Sales on LinkedIn: Social selling strategies to supercharge in 2023

Social selling as a means of getting sales on LinkedIn has never been more important. According to Forbes, “87 percent of business event professionals have cancelled events because of the pandemic, and 66 percent have postponed events.” Connecting through online platforms is among the few remaining ways to build and foster selling relationships.

Social selling is often confused with social media marketing, but the two couldn’t be more different.

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Social selling zeroes in on your prospects to build and nurture trusted relationships with them. When done right, you can outsell your competitors and significantly reduce or eliminate the need for cold calling.

Social selling happens on Twitter, Facebook and Instagram, but, when it comes to promoting B2B products and services, none work as well as LinkedIn. Take a look at these statistics:

Despite such encouraging observations, most salespeople don’t know how to use LinkedIn to drive their sales efforts and instead often see it as a job-hunting portal to showcase their skillsets. When leveraged correctly, LinkedIn is a goldmine for marketing agency prospecting.

Linkedin social selling: What is it?

Leave it up to entrepreneurs and salespeople to constantly innovate when it comes to finding new ways to get the deal. Given how much time people are spending on social media these days—just over two and a half hours per day—it’s a perfect venue to network, make business connections, and sell.

As social media platforms evolve, LinkedIn has emerged as the go-to platform for business interactions. While it may be better known as a platform for job-seekers, its professional, comparatively buttoned-up culture makes it perfect for B2B communications and social selling.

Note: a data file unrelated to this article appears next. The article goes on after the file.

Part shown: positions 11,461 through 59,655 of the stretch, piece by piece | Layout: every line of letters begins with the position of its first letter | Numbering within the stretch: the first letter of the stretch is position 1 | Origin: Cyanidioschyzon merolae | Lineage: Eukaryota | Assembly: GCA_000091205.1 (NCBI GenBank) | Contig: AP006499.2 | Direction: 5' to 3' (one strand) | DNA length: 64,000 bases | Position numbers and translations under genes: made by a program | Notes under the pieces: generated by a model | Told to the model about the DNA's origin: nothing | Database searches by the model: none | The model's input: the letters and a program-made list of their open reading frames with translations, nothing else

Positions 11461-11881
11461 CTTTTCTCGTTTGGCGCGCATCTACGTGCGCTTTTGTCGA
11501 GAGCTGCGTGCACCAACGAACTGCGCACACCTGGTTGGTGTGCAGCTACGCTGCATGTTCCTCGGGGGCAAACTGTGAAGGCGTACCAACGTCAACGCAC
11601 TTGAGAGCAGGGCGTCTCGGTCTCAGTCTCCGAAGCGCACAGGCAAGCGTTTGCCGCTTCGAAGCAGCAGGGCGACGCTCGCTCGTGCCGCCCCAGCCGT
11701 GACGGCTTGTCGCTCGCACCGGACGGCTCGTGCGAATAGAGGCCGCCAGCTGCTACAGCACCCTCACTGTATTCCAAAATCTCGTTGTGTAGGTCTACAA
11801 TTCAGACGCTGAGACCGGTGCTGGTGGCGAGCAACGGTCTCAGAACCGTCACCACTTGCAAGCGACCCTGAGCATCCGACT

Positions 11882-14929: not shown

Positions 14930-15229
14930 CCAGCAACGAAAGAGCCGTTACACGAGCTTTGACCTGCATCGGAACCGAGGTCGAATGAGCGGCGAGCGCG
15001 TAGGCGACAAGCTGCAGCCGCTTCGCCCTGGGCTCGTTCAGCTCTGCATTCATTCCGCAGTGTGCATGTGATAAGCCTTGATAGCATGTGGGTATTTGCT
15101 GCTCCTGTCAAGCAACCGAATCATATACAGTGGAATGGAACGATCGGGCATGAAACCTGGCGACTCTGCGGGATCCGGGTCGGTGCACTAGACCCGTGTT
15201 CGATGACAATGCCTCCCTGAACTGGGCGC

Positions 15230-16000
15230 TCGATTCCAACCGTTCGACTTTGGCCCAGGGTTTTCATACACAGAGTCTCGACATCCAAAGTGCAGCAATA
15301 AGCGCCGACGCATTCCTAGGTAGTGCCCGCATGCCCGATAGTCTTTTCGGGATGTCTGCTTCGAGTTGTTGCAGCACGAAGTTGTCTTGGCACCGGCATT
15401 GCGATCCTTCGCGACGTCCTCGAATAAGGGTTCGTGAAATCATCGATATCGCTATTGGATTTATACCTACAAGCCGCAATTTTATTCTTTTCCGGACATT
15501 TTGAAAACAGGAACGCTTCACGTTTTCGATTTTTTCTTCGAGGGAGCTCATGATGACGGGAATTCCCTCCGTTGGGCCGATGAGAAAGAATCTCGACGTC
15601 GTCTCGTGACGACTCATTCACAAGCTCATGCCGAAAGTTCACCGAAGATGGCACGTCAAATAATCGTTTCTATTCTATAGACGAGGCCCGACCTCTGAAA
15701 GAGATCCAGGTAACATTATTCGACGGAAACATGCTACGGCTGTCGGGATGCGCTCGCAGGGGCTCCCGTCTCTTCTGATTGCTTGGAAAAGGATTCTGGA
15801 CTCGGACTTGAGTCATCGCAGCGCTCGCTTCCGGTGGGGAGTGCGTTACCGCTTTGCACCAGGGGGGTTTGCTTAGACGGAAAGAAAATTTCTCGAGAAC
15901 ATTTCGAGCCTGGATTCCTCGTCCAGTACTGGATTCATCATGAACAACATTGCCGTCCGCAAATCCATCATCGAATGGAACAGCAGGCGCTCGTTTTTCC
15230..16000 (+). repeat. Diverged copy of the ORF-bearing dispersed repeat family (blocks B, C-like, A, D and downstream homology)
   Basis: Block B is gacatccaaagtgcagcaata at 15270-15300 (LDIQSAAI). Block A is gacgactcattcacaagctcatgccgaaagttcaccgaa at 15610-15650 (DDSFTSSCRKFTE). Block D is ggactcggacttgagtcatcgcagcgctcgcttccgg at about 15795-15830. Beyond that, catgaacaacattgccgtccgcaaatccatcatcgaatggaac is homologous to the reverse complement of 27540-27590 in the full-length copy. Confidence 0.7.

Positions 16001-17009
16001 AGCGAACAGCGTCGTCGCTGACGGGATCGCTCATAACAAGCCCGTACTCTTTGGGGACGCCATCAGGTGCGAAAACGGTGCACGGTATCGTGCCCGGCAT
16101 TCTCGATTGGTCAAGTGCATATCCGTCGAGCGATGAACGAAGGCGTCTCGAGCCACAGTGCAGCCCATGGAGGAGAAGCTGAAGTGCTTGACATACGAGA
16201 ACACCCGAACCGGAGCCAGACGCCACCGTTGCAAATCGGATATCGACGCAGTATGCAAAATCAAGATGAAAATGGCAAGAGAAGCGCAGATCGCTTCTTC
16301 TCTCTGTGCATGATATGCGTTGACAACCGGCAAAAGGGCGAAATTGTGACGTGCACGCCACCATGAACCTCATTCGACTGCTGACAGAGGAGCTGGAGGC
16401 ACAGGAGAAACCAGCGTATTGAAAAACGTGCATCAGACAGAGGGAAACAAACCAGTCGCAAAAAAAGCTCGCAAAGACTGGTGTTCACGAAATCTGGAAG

Founded over 20 years ago, LinkedIn enables users to connect with colleagues, industry peers, prospective employers and employees, and just about anybody else in users’ professional networks. The platform has established itself as the go-to destination for professionals looking to build and maintain their personal brand, make valuable connections, and discover new business opportunities. This makes it the ideal venue for social selling, a form of selling that leverages social networks to find opportunities and land new business.

Social selling explained

Social selling focuses on building relationships with the target audience by providing valuable content, engaging in meaningful conversations, and showcasing your expertise in your industry. The primary goal of social selling isn’t necessarily to make immediate sales upon the first impression, but rather to develop and maintain relationships that can be nurtured to become long-term business opportunities.

Why LinkedIn is ideal for social selling

Social networks are rife with people selling things these days, and it’s safe to assume that you’re being influenced one way or another when seeing a post. So what’s so unique about LinkedIn when it comes to using social selling strategies as a B2B business?

  1. LinkedIn has a highly professional audience: LinkedIn has a professional user base by design, and people log on with the intention of engaging in professional activities. While platforms like TikTok or Instagram might be better for things like DTC product brands, users are less likely to be seeking out, say, digital marketing solutions when they’re scrolling through their For You Page. Conversely, LinkedIn users are more likely to welcome a sales message from a B2B marketer.